So, the barrier to cycling that comes with traditional non-electric bikes will still be there. This cuts to the heart about the affordability of e-bikes versus traditional bikes. It’s up to our industry to start playing the smart game when talking to customers, as well as the Government. We need to position e-bikes as an investment in long-term personal and community health, an investment in sustainability, an investment in our planet.
I believe bicycle shops need to change their approach, too. All those customers coming into shops to consider cycling to work and buying a new bike (I’m not talking about sports/racing enthusiasts here) should be educated to upgrade and invest for the long-term in an e-bike. Surely this is the smart play for the industry. There is far more downstream service revenue for shops in maintaining e-bikes than traditional bikes too. And there is far more chance that, if a customer buys an e-bike, they will be coming back year after year for return business.
Incentivise usage, not ownership
There is a lot of speculation around widening the acceptance criteria for Cycle to Work schemes and introducing e-bike incentives to encourage purchase. These are important, but to really drive change and boost the health and wellbeing of the nation, we need to look at incentivising usage over ownership.
At Gocycle, we became the first UK business to do this through our e-bike miles scheme. We have chosen to pay our employees 40p per mile (deliberate parity with the car) if they commute to work using an e-bike. Incidentally, we pay 20p per mile for staff if they commute on a non-powered bike – the rational being that e-bikes are generally more expensive to operate than bikes on a mile-to-mile basis and we do have to consider electrical waste and lithium battery recycling too.
We’ve seen both increases in the number of employees cycling across the business and an increase in their frequency of cycling too. But most importantly, there is a long-term incentive there. With a discount on purchase, there is zero incentive to use the bicycle to commute. What happens when it gets cold or wet? And what about the danger on the roads? Would we have seen the same positive outcome by simply incentivising employees to purchase a Gocycle? I don’t believe so.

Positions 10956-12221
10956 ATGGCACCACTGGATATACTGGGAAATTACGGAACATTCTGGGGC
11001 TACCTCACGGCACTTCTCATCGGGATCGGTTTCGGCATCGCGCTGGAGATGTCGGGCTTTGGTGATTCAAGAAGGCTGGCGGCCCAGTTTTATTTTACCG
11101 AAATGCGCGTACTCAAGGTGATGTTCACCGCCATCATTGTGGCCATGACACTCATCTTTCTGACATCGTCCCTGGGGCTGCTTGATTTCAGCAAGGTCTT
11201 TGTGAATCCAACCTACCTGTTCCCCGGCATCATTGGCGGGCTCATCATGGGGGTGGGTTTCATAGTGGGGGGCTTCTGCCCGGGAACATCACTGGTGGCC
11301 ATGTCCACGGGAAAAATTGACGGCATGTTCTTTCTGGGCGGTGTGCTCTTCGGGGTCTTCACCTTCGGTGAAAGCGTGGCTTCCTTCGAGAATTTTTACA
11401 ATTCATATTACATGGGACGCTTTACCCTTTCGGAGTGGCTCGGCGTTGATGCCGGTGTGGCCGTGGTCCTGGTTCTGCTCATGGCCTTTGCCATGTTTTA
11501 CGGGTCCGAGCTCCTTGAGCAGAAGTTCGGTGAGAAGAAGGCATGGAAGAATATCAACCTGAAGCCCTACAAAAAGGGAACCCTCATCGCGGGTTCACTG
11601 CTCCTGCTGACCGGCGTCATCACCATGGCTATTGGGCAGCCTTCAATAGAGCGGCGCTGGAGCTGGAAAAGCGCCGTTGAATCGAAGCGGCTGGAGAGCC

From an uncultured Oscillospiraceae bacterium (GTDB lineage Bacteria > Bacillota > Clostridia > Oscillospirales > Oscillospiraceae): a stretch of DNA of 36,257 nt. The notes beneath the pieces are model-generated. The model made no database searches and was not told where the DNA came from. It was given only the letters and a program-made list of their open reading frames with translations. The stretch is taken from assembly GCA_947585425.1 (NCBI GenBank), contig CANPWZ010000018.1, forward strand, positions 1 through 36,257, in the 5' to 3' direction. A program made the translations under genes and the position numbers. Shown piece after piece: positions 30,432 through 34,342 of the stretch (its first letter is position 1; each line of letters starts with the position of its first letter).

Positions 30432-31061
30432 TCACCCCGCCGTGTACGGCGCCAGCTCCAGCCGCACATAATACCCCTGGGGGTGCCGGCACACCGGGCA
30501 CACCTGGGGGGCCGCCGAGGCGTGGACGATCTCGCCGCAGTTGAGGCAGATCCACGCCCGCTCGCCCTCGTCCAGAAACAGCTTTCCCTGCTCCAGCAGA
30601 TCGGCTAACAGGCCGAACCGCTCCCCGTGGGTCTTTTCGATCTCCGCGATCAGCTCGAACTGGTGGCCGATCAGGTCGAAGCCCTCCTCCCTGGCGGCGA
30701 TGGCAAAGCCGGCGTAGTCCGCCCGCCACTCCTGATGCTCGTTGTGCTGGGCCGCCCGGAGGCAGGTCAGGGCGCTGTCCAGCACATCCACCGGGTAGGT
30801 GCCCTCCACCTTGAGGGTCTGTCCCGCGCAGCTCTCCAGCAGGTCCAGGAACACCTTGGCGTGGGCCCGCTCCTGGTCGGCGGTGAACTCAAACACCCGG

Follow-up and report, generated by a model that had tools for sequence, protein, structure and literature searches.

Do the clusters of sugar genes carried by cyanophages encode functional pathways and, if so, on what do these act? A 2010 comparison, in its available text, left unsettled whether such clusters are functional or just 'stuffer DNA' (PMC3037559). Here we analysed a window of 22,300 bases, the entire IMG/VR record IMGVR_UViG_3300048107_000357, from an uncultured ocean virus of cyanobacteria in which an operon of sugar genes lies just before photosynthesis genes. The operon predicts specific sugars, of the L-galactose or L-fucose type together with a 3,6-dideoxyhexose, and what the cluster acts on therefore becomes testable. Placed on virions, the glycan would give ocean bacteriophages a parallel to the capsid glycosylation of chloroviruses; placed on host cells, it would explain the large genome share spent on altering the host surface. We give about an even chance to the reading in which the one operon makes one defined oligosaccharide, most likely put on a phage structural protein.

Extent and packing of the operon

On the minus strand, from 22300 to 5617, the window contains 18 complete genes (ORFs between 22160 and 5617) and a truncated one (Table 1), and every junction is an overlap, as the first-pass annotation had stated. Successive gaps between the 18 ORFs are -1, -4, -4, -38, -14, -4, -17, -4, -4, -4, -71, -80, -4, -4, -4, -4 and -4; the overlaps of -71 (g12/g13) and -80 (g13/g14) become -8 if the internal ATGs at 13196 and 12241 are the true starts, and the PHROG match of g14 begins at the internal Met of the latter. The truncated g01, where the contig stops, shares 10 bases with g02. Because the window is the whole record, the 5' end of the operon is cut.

Similar schemes have been trialled in France, with businesses reporting healthier and more productive workforces with reduced sick leave. They received tax credits from the Government to cover the incentives with the notion being that the nation’s health care spend would be less as a result of such schemes. Sustrans estimates that there is a net benefit to society of 67p for every mile cycled rather than driven – food for thought.
Some would say paying e-bikers per mile would be complex and it’s just easier to administer a purchase discount. But that is not so; our e-bike miles scheme is incredibly simple. Employees submit their commute mileage and route for approval and then submit a simple monthly log of the days they cycled and we pay out monthly. The long-term goal is to get the Government to get smart and offer tax credits to companies for all e-bike miles – let’s say all “active commuting miles” – claimed on their annual tax return. It’s that simple.
This is the single biggest point the Government needs to shift on. It’s a change in mindset towards investment in long-term health policies that will do far more to encourage cycling than purchase incentives.
The Transport Secretary highlighted that if we saw a 5% increase in cycling it would get more than eight million cars off the road. This is not enough; with 68% of UK journeys being under five miles, we cannot settle for this. With increased e-bike adoption, we can get many more millions of cars off the road.
Boris Johnson’s nostalgic proclamation of a “new golden age of cycling” is dated. If we are to realise the enormous health and sustainability benefits that e-bikes have to offer, the Prime Minister needs to “level up”, as he likes to say, and start promoting what will become the dominant form of healthy and sustainable personal urban transport – the e-bike! It’s time to get smart. It’s time to go electric.